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Clive Sinclaire

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  1. I am having a NewYear general clearout and will be offering the following for sale. Token Bijutsu magazine of the NBTHK, all Japanese language, ….402 copies, all different Token Rikishi magazine of the NTHK, Japanese + English language…….39 copies. All different Token Society of GB Programmes….88 copies JSS/US Magazines……62 copies Aito Magazine, Japanese language..8 copies. TOTAL COST £500 I would also throw in a few other bits and pieces, I guess. I have 47 copies of Token Bijutsu in English language, but have not included these in the above. I prefer they could be collected from my home in Southern England as postage would be expensive. Clive Sinclaire
  2. A trifle unjust and hurtful to attribute soley commercial reasons to what I said. There is little doubt that shinto blades whose nakago is altered in the manner of this sword, are considered less desirable than those that are ubu. This is not the case so much with koto of course. I am sure most, other than Stephen apparently, would far prefer ubu swords. Clive Sinclaire
  3. Gentlemen The kanji on the Tadayoshi look fine and well cut but there are a couple of problems apparent on this sword's nakago. These are the machi-okuri and the suriage, both undesirable on a shinto blade. Further the mei reads HIZEN KUNI JUNIN TADAYOSHI. I believe that with this so-called Junin-mei there is always "saku" at the end. This has obviously been lost in the suriage, again devaluing the sword somewhat. A look at the blade might be interesting. Coincidentally I recently came accross another Hizen-to with similar problems, but this was a Masahiro> May I take this opportunity of wishing you all SEASON'S GREETINGS Regards Clive Sinclaire PS It seems many "grandfather's swords" are coming up for sale recently. As a grandfather myself I must be caqreful!
  4. Gentlemen I think that it is important to remember that this book was translated from Token Kantei Dokuhon which was designed as an aid to Kantei. It happens to be packed with much basic info that is of use to both the beginner and more advanced student. I particularly like Nagayama sensei's individualistic oshigata. These are not oshigata of actual swords but serve to illustrate certain features of particular schools and swordsmiths (I actually have some originals). As I assisted in the production of this book and wrote the Intro, I was fortunate in receiving a complimentary copy from Kodansha. Whilst I can see that there seems to be a great variety of prices being charged for second hand copies, these prices pale into insignificance when compared to the price of swords and so, comparitively speaking, they are inexpensive. Whilst I appreciate that collectors want their references at as keen a price as possible, it seems churlish not to buy it when you need it, at whatever price you can. I apologise if I repeat anything already mentioned (I have been out of touch with the NMB for a few months) Regards Clive Sinclaire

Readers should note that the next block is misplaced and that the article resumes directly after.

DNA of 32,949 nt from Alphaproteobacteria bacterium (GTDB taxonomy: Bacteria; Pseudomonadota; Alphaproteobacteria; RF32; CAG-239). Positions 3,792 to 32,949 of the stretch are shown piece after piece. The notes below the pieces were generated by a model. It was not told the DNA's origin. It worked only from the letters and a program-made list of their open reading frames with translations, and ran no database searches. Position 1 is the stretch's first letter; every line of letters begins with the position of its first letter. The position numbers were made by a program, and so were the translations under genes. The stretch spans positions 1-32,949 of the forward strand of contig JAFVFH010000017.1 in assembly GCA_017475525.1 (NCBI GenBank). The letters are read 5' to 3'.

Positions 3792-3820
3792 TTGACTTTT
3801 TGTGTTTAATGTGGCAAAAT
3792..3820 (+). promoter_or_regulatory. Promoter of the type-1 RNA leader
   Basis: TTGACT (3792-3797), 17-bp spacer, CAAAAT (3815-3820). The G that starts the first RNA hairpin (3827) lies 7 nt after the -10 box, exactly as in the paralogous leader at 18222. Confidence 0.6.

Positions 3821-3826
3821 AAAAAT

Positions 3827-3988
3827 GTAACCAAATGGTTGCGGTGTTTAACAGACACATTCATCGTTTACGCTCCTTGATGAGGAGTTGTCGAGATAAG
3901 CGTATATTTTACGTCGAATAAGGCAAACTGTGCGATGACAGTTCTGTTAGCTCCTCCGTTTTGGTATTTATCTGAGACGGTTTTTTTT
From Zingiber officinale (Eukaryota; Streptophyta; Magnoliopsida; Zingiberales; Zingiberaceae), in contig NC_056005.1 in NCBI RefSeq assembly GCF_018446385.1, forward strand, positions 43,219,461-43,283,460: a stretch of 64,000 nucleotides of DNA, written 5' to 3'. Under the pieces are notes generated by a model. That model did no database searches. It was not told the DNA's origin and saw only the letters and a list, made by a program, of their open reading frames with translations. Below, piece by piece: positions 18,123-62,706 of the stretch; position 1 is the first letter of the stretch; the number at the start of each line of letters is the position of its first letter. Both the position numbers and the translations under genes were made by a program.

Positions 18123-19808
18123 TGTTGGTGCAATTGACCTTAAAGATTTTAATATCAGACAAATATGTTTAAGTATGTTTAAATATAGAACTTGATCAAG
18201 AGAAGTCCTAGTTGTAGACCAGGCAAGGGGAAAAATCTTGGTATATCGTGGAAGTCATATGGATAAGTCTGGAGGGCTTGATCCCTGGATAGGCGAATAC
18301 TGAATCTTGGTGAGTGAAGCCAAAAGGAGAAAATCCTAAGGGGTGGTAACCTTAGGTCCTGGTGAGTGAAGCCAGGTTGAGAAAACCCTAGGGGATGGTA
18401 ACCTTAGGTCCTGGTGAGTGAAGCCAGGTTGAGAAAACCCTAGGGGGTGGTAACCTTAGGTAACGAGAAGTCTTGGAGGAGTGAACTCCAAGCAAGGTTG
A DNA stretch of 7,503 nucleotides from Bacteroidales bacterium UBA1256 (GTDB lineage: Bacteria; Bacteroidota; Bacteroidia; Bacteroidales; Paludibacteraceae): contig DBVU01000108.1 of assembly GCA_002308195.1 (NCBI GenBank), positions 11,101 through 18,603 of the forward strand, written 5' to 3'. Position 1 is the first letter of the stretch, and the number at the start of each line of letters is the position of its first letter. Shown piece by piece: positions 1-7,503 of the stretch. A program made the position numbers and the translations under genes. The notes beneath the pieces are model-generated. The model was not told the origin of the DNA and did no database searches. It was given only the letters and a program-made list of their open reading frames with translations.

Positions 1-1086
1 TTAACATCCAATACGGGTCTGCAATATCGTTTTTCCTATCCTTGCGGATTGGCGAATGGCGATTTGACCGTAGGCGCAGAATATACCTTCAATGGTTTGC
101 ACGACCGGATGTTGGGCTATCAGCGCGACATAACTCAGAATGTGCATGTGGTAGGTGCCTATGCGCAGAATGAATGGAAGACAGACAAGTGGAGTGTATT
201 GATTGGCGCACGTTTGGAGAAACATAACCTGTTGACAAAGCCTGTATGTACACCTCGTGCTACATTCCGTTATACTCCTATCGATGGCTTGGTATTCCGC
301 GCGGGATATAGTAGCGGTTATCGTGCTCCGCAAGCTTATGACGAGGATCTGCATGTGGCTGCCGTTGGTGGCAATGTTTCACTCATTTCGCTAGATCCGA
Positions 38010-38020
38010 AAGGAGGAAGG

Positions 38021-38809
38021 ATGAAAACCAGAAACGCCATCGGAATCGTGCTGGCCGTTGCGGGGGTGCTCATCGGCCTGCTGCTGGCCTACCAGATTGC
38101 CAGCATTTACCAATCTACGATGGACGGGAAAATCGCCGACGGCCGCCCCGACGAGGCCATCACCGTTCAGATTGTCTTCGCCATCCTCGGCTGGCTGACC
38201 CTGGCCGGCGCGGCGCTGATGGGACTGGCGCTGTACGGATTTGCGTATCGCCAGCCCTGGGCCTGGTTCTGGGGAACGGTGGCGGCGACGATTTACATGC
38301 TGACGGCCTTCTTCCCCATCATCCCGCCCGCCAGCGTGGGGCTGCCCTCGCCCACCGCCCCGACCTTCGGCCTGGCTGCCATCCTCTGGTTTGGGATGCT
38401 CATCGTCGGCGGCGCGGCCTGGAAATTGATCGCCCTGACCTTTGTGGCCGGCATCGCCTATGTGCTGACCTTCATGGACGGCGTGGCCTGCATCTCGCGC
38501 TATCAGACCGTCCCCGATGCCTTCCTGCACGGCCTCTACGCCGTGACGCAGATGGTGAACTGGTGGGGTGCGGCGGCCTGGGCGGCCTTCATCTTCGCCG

5. Gentlemen I am sure many of you have already seen the Christie's New York, March 18th sale. In it there is a fabulous articulated dragon by Myochin Nobumasa. It is accompanied by a very interesting essay on the subject of articulated animals written by my good friend Victor Harris, who is Hon Presdident of To-ken Society pf GB. I am pleased that we have obtained permission to reproduce this on our website at http://www.To-ken.com. You may wish to read it there. Regards Clive Sinclaire Incidentally, the dragon is estimated at $200,000 - $300.000 !
  6. Thanks chaps - there is certainly plenty of room for thought there. Regards C S
  7. Gentlemen You may be interested to see a short profile on a senbikizaru (1000 monkeys) tsuba on the To-ken Society of GB's website which may be found at http://www.To-ken.com Any comments or additional information would of course, be most welcome. Regards Clive Sinclaire PS: I bought it azt the Birmingham (UK) Arms Fair 2 Sundays ago.
  8. Gentlemen We have just placed an Obituary on http://www.To-ken.com for the recently deceased founder members of our society, Mike Dean and John Harding. These two gentlemen may be known to older collectors of Japanese sword, active especially in the 1970's Clive Sinclaire